‘What is karrtsiluni?’  I’ll tell you that now.  But you won’t get anything more from me today.’ In the old days, every autumn – we used to hold great festivals or the soul of the whale, and these festivals were always opened with new songs which the men made up.  The spirits had to be summoned with fresh words – worn-out songs must never be used when men and women danced and sang in homage to this great prize of the huntsman – the whale. And while the men were thinking out the words for these hymns, it was the custom to put out all the lights.  The feast house had to be dark and quiet – nothing must disturb or distract the men. In utter silence all these men sat there in the gloom and thought, old and young -ay- down to the very smallest urchin, provided he was old enough to speak.

It was that silence we called karrtsiluni. It means waiting for something to break forth.  For our fore-fathers believed that songs are born in such a silence. While everyone is trying hard to think fair thoughts, songs are born in the minds of men, rising like bubbles from the depths – bubbles seeking breath in which to burst.  ‘So come all holy songs.’”

I like this idea of silent, patient reflection in a spirit of homage to great life holy and full of awe.  So, let’s enjoy New Year’ eve, eat, drink and be merry, but hold off on those calendar driven resolutions until we’ve sat quietly with good company.

Let’s give ourselves some karrtsiluni time (skip the dark and gloom if you must).  Let’s think fair thoughts, alone and together, and may our new songs, rise to the surface and break forth, carrying us together in our quest for a life of meaning and contribution to each other and the planet.  I look forward to the  expression and celebration of these “new songs” together.  For the moment, I’m turning down the lights.

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New Years Resolutions? Not So Fast! Try Some Karrtsiluni First.

(This is a repost from last year- so in reflection and moving forward….)images

It’s time to make some New Years resolutions.  Or is it? Maybe it will be more productive to sit together in the dark and gloom for awhile.  Consider the practice of karrtsiluni.  Here’s  Majuak_an Inuit elder from Diomede Island in Alaska, describing karrtsiluni to Arctic explorer Knud Rasmussen in his 1932  book The Eagles Gift.

‘What is karrtsiluni?’  I’ll tell you that now.  But you won’t get anything more from me today.’ In the old days, every autumn – we used to hold great festivals or the soul of the whale, and these festivals were always opened with new songs which the men made up.  The spirits had to be summoned with fresh words – worn-out songs must never be used when men and women danced and sang in homage to this great prize of the huntsman – the whale. And while the men were thinking out the words for these hymns, it was the custom to put out all the lights.  The feast house had to be dark and quiet – nothing must disturb or distract the men. In utter silence all these men sat there in the gloom and thought, old and young -ay- down to the very smallest urchin, provided he was old enough to speak.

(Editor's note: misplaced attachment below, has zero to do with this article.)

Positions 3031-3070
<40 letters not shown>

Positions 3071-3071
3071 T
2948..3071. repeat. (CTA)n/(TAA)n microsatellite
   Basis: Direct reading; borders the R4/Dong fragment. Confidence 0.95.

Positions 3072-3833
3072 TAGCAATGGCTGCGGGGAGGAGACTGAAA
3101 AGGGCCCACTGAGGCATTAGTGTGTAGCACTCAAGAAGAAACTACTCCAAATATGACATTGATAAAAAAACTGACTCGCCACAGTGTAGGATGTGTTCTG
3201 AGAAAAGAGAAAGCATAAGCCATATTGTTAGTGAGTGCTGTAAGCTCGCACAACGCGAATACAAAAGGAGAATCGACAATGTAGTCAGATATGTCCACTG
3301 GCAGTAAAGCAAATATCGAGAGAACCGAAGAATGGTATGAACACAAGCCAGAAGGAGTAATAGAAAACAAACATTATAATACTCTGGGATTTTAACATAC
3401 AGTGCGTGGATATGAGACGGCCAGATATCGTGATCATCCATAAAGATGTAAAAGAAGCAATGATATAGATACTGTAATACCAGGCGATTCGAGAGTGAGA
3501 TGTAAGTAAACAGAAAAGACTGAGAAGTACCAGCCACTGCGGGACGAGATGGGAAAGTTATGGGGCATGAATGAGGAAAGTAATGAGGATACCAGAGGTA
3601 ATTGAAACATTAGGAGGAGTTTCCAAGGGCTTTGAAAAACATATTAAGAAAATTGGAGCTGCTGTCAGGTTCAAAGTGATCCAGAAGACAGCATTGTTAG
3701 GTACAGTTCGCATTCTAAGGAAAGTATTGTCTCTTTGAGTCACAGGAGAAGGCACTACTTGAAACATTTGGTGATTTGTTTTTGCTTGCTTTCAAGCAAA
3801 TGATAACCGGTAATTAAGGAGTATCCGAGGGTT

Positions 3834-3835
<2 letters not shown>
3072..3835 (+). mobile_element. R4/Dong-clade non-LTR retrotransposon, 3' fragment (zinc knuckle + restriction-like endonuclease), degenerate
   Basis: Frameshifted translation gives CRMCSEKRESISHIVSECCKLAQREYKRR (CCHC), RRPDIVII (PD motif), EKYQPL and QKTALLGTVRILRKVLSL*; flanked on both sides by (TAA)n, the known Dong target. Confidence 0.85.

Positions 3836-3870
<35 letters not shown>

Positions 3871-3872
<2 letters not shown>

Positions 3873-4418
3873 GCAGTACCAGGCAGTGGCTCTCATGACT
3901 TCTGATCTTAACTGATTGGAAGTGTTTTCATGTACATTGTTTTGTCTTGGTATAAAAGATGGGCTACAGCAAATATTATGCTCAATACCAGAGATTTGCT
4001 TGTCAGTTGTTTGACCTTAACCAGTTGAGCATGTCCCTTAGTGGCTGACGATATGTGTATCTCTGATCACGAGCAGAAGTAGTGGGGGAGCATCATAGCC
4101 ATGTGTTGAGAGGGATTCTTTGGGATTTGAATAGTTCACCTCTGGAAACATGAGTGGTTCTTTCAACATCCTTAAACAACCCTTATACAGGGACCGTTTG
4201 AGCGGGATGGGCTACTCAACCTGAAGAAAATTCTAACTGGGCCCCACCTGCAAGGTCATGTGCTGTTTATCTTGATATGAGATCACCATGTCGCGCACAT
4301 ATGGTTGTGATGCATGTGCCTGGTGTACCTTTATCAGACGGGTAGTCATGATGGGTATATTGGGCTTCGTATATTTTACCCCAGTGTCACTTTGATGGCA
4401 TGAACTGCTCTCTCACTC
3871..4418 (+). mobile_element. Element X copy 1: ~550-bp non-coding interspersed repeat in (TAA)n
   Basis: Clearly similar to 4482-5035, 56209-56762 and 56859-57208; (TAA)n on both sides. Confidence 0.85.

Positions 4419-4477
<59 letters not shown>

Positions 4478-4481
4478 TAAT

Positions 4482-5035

It was that silence we called karrtsiluni. It means waiting for something to break forth.  For our fore-fathers believed that songs are born in such a silence. While everyone is trying hard to think fair thoughts, songs are born in the minds of men, rising like bubbles from the depths – bubbles seeking breath in which to burst.  ‘So come all holy songs.’”

I like this idea of silent, patient reflection in a spirit of homage to great life holy and full of awe.  So, let’s enjoy New Year’ eve, eat, drink and be merry, but hold off on those calendar driven resolutions tomorrow.

Let’s give ourselves some karrtsiluni time (skip the dark and gloom if you must).  Let’s think fair thoughts, alone and together, and may our new songs, rise to the surface and break forth, carrying us together in the great 2012 hunt for a life of meaning and contribution to each other and the planet.  I look forward to the  expression and celebration of these “new songs” together.

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I’m pretty sure that this will be the first time that Wayne Dyer, the motivational speaker, and Uncle Remus will ever have been mentioned in the same sentence. In his latest book, Wishes Fulfilled, Dyer writes about imagination as the foundation for manifesting one’s desires. “Everything that now exists was once imagined. And everything that will ever exist must first be imagined.”

A few nights ago I watched the PBS special that complements the book. Dyyer was passionate about the primacy of imagination.  He exhorts the audience repeatedly that the imagination is yours and yours alone.  It’s sacred.  Don’t let ANYBODY tell you what you can put in it, or what is possible or not possible. We must take particular care to nurture the imagination of children so they grow up to be adults who can manifest their highest dreams and potentials.

So where does Uncle Remus come into this?  Joel Chandler Harris, (the author of the Remus tales) knew something about the power of imagination.  The Uncle Remus tales, in my opinion, stand as the great Arabian Nights of American literature.  More than mere entertainment though, Brer Rabbit and his cohorts show us the way, for better and worse to navigate the world of human circumstance and nature.